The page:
Animal blood was obtained aseptically from abdominal aorta. Blood-containing tubes were allowed to stand at room temperature for 2 h, and serums were obtained by centrifugation at 3000 x g for 20 min in 4°C. The serum level of BDNF and GDNF was measured using ELISA kits (Xitang, Shanghai, China) according to the manufacturer’s instructions. The wells were coated with 100 μl capture antibody diluted in coating buffer. The plate was sealed and incubated overnight at 4°C. After three washes, the wells were blocked with 200 μl assay diluents at room temperature for 1 h, followed by another three washes. Then, 100 μl diluted BDNF or GDNF standard and test samples were added and incubated for 2 h at room temperature. After repeated washes, the substrate was added and incubated for 20 min at room temperature, and the absorbance was measured at 450 nm using an ELISA reader (BioTek, Model ELx 800, USA).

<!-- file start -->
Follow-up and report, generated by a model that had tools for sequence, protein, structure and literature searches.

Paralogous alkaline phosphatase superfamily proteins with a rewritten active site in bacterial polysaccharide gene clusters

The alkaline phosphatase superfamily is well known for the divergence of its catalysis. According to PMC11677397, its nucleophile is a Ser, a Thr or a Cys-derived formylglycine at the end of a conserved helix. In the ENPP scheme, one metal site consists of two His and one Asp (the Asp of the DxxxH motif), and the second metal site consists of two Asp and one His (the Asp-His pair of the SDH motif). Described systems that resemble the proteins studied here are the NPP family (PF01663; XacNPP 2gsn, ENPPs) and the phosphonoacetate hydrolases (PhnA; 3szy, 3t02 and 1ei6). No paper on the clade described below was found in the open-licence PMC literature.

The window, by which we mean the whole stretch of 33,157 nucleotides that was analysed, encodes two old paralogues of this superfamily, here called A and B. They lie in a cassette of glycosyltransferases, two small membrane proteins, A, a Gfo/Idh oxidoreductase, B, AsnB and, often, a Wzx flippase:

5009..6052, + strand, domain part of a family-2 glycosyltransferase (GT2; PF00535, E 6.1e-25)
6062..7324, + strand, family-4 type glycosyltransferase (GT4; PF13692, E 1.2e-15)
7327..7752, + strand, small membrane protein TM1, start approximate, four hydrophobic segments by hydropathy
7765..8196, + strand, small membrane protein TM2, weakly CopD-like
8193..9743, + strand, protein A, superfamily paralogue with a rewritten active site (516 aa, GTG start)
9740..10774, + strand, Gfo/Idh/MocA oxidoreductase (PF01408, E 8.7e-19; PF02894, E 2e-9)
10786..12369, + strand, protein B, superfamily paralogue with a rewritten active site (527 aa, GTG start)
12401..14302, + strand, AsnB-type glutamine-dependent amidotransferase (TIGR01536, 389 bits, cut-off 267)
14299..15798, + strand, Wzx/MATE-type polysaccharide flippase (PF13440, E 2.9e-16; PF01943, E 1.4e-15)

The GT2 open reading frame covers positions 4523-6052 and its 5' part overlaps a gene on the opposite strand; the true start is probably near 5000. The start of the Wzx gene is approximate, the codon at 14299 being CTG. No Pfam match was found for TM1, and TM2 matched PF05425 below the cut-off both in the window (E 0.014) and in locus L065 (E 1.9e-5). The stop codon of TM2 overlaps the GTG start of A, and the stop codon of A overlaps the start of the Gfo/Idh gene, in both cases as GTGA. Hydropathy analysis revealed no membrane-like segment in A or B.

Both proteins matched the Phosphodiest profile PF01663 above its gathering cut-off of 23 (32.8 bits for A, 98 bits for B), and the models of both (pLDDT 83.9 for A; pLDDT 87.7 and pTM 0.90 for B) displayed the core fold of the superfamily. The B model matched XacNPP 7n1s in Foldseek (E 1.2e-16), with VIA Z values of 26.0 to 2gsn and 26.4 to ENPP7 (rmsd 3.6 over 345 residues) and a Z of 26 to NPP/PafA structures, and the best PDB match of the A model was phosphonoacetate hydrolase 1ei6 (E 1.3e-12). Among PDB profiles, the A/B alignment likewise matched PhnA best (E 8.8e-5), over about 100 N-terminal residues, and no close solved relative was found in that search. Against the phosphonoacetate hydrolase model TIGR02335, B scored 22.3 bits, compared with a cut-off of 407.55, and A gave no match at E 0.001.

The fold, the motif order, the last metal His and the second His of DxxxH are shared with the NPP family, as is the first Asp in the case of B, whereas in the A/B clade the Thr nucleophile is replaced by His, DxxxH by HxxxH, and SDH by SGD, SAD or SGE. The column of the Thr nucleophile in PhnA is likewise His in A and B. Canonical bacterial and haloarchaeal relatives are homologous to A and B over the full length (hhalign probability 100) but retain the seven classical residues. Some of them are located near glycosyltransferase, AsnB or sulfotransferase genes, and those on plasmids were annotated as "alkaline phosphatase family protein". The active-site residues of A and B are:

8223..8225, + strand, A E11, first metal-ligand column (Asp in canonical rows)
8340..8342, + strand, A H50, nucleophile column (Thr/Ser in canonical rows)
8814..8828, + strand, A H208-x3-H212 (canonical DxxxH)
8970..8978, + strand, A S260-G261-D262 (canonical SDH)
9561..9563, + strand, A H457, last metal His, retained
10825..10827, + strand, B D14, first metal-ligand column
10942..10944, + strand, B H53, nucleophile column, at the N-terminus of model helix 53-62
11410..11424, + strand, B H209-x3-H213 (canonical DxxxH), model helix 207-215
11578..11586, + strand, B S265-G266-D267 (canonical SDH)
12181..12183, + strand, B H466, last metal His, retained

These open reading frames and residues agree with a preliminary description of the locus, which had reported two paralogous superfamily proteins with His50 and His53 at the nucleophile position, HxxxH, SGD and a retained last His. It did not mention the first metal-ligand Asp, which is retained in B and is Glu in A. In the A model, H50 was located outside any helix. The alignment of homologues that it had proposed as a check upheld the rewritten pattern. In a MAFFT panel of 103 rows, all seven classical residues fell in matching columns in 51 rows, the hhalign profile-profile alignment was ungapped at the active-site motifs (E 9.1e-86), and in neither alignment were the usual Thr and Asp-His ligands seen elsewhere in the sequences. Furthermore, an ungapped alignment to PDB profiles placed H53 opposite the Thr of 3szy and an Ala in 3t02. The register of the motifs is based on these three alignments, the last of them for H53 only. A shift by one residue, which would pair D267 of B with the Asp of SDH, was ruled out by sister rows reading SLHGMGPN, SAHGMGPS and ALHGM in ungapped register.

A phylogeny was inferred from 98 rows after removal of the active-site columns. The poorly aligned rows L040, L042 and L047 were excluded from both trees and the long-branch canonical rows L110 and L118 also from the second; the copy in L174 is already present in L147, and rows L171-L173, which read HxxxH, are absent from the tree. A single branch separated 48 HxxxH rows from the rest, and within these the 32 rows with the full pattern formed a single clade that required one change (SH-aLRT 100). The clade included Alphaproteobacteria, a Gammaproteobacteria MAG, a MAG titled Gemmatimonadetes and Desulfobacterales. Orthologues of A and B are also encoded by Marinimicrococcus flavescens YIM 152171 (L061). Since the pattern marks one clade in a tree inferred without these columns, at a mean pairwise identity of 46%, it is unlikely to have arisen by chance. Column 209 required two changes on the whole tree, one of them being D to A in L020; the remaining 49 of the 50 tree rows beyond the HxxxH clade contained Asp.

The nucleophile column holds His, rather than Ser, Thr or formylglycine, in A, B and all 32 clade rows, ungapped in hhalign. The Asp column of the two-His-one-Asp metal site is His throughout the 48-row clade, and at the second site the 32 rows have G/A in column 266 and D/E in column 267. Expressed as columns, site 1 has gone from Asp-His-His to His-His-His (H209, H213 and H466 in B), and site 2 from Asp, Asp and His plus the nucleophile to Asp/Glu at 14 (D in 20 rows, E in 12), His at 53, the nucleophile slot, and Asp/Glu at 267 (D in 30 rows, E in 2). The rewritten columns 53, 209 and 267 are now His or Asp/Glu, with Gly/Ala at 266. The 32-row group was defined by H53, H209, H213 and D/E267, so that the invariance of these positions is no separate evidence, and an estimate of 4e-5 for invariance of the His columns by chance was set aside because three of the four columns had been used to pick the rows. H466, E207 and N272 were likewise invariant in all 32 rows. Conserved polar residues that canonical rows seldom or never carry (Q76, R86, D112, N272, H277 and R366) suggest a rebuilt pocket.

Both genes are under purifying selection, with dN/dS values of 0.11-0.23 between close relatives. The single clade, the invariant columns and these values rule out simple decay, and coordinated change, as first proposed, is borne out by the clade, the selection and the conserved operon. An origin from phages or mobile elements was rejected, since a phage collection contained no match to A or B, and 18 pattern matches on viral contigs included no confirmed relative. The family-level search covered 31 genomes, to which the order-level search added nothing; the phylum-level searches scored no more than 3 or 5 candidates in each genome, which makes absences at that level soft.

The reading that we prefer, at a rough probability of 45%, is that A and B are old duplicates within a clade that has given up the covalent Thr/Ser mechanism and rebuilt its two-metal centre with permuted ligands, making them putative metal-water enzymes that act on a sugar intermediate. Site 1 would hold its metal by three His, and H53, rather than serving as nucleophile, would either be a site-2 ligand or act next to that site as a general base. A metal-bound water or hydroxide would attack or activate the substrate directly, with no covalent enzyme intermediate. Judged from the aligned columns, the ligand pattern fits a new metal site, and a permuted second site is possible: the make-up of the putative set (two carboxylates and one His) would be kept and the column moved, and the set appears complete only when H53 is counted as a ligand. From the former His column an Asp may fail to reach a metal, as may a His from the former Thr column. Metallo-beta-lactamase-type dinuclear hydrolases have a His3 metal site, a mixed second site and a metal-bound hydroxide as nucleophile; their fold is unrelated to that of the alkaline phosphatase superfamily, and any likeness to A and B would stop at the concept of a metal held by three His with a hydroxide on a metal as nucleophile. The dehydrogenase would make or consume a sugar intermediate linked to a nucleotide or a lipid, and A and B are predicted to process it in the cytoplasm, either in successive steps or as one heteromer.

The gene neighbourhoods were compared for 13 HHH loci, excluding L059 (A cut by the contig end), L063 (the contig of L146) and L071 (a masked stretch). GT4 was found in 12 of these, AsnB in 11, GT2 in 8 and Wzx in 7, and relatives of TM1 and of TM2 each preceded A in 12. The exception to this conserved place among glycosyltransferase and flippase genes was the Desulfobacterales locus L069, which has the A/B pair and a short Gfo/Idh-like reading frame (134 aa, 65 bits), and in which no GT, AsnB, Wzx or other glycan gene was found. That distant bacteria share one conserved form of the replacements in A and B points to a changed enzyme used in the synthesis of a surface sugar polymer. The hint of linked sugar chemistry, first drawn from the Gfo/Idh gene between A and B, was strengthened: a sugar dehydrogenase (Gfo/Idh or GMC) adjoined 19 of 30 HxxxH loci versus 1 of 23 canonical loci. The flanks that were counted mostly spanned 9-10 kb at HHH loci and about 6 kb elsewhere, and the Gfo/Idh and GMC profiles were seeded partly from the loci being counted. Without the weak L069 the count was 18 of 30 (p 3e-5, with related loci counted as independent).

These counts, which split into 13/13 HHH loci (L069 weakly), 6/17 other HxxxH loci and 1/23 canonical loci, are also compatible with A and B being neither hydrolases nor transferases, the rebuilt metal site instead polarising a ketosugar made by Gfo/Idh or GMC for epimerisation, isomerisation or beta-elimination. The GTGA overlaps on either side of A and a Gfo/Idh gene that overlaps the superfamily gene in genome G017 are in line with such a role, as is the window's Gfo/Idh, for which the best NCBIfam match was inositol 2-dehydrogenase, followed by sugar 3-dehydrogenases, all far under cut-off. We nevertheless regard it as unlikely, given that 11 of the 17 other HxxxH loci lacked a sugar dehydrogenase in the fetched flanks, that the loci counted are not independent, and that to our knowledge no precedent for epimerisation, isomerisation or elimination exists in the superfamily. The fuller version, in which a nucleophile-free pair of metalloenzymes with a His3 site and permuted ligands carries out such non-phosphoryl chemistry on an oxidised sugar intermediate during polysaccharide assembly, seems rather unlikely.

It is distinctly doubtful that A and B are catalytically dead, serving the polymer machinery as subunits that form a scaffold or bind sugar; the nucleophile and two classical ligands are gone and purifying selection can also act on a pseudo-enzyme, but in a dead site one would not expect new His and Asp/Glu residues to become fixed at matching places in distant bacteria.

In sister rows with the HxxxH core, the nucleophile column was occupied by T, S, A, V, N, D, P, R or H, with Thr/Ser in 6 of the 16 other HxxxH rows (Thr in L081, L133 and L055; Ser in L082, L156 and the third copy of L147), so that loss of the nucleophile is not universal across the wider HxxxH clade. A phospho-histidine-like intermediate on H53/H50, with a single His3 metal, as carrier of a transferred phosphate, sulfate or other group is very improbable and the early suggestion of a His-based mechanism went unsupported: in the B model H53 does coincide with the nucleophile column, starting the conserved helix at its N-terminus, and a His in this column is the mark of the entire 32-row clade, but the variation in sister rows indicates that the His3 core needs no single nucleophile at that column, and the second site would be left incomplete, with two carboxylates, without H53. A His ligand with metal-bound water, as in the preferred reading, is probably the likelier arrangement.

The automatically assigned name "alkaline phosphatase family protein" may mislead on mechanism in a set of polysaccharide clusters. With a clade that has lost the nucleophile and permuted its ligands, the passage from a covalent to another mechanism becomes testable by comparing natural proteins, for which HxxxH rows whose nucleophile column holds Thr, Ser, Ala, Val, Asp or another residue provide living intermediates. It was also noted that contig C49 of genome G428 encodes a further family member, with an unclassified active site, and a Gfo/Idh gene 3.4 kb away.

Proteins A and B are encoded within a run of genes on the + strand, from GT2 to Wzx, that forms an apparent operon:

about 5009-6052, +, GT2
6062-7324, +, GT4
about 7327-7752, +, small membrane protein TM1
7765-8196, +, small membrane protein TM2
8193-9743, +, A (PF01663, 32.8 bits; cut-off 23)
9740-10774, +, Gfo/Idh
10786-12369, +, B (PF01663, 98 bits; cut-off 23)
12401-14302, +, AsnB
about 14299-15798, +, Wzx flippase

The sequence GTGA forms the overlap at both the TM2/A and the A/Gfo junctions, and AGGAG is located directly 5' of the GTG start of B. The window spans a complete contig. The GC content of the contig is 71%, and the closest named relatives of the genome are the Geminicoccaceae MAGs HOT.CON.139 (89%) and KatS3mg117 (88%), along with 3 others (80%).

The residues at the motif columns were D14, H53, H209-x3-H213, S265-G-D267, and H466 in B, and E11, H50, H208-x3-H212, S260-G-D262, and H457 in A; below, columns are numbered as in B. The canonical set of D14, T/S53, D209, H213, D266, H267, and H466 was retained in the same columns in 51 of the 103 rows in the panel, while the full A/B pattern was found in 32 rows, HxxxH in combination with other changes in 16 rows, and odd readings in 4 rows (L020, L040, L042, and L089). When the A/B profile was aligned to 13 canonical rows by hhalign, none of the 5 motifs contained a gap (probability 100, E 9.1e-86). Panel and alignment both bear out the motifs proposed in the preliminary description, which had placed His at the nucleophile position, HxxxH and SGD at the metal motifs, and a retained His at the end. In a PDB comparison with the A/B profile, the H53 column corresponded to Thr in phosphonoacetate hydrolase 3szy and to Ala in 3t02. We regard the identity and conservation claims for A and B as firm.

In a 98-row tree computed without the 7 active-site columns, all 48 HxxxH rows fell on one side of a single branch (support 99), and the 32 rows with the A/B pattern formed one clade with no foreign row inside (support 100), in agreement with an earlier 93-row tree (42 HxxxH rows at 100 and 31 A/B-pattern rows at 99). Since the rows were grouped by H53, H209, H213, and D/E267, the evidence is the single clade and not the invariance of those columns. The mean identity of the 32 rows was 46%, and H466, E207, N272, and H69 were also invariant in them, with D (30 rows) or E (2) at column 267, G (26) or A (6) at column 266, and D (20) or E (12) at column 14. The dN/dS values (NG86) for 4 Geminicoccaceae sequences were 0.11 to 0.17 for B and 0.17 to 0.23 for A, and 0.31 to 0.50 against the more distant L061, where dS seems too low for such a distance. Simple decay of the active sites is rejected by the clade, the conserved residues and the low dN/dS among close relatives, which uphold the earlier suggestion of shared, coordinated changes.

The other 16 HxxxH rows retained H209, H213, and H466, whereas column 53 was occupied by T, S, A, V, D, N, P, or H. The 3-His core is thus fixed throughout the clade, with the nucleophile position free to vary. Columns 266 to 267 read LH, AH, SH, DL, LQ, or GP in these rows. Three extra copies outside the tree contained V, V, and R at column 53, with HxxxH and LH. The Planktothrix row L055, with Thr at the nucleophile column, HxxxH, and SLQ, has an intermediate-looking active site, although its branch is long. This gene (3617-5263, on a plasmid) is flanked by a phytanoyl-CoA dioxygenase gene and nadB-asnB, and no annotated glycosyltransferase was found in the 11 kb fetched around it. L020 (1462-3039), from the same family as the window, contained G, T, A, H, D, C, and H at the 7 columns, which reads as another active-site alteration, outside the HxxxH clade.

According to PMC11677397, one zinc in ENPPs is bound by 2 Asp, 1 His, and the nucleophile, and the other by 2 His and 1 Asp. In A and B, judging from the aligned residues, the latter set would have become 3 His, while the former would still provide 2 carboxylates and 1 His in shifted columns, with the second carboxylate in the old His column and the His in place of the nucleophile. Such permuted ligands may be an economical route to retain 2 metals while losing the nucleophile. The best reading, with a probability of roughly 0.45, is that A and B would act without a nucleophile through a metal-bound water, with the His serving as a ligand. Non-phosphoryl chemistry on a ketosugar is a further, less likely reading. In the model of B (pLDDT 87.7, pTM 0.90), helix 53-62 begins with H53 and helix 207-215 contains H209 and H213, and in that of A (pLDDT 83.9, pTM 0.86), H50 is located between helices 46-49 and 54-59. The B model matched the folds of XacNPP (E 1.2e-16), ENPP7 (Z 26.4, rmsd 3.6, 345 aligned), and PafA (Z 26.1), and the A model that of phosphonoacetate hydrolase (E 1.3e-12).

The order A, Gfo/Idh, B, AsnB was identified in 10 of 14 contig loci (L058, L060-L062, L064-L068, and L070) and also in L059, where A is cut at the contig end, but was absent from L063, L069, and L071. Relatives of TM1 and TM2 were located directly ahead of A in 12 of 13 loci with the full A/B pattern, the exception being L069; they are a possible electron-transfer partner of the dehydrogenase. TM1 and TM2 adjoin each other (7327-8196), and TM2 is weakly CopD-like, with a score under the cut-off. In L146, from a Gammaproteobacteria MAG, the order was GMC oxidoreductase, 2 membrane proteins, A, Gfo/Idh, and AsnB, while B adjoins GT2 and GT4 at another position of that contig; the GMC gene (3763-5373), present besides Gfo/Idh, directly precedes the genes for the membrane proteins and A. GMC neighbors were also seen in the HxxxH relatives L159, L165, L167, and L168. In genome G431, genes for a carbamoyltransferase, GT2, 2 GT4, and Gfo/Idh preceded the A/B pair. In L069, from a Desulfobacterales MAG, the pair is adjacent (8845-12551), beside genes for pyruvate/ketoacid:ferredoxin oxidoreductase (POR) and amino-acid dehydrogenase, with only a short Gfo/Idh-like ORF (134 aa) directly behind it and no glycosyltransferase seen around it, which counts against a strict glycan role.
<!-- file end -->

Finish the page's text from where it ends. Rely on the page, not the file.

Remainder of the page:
All data were the means of at least three determinations and data were analyzed using the SPSS package for Windows (Version 16.0). Statistical analysis of the data was performed with the Student’s t-test and ANOVA. Differences with P<0.05 were considered statistically significant.
Electroacupuncture at acupoints of Zusanli (ST36) and Quchi (LI11) improve neurological deficits and reduce infarct volumes in cerebral ischemia-reperfusion (I/R) injured rats